Issue No. 2012
From the Family Room to the Operating Room
Valerie Matthews Mehl
Date: December 20, 2011
Surgeon Finds New Uses for Video Game Systems
Liver cancer surgeon Michael Choti is moving gaming systems from the family room to the operating room. In collaboration with experts from engineering, Choti and team are applying the image-guided technology used in interactive gaming systems like the Nintendo Wii® and Microsoft Kinect® systems to medicine.
These newer iterations of video games use cameras, motion sensors, tracking systems and accelerometers to allow players to interact directly with the game. Choti, Emad Boctor, a radiology and computer science engineer, and Philipp Stolka, a post-doctoral engineering fellow, are working to apply the same technology to create image guidance and tracking devices for use in cancer surgery and treatments. “Current robotic and image-guided tracking systems tend to be cumbersome and extremely expensive,” says Choti. “Our approach makes use of sophisticated and mobile, but relatively cheap technology, which should broaden its appeal.”
A Wii remote contains accelerometers and infra-red cameras that calculate relative position and orientation and beam the information continuously to the game controller via a “Bluetooth” radio link. A computer receives and processes the Bluetooth signals. In one adaptation, Choti and team used the Wii remote to transform standard ultrasound imaging into a more readable 3-D imaging. While 3-D ultrasound probes exist, Choti says they are unwieldy and expensive. However, with the position and orientation information from the Wii remote and local optical sensors, a computer could straightforwardly turn the 2-D ultrasound image into a more readable and useful 3-D ultrasound image. “Our setup, in principle would, allow clinicians to convert a 2-D ultrasound probe into a 3-D probe that’s portable and easy to use in a variety of applications,” says Choti.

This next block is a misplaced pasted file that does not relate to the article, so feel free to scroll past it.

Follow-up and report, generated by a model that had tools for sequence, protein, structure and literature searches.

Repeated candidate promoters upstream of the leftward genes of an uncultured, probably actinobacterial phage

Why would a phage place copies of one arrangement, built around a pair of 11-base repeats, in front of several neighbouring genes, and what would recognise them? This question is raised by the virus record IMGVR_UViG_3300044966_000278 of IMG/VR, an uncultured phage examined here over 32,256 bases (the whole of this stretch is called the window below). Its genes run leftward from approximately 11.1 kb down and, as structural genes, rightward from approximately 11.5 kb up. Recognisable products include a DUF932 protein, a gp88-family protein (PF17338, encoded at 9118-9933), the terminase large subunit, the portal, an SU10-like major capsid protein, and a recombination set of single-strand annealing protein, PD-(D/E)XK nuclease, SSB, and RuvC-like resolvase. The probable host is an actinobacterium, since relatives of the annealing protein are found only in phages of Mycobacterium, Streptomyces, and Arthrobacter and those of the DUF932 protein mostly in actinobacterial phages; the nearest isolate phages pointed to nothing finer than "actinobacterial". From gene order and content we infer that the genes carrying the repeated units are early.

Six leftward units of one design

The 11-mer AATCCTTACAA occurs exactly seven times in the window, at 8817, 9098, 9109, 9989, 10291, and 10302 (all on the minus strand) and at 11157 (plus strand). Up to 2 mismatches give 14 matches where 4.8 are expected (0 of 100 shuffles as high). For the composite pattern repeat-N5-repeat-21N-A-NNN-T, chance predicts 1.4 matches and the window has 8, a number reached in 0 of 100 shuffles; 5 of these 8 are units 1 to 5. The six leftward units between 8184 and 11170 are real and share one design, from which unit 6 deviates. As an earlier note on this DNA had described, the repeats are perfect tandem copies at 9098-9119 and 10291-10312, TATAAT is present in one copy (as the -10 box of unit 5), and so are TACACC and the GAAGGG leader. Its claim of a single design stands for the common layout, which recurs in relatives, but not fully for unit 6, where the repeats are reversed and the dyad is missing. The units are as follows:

In another application, Choti and his engineering team showed that Kinect, the optical hardware from Microsoft, Inc., and image-recognition algorithms used to identify and track the location and orientation of objects in its visual field could be adapted to locate and track the motions of a biopsy needle.
One of the next steps in the development of these systems will be to combine the tracking of an imaging device such as an ultrasound probe with the tracking and 3-D guidance of a surgical instrument such as a needle, says Choti. “That combination would give us a relatively inexpensive and portable system for image-guided surgical procedures,” he says. Microsoft executives have expressed interest in working with Choti and team to develop the technology specifically for medical applications.
“This shows the value of looking at other fields, whether it is engineering, geology, or computerized gaming,” says Choti. “Collaborations—and Hopkins is good at collaboration—can lead to unexpected uses of technology that are of value to patients,”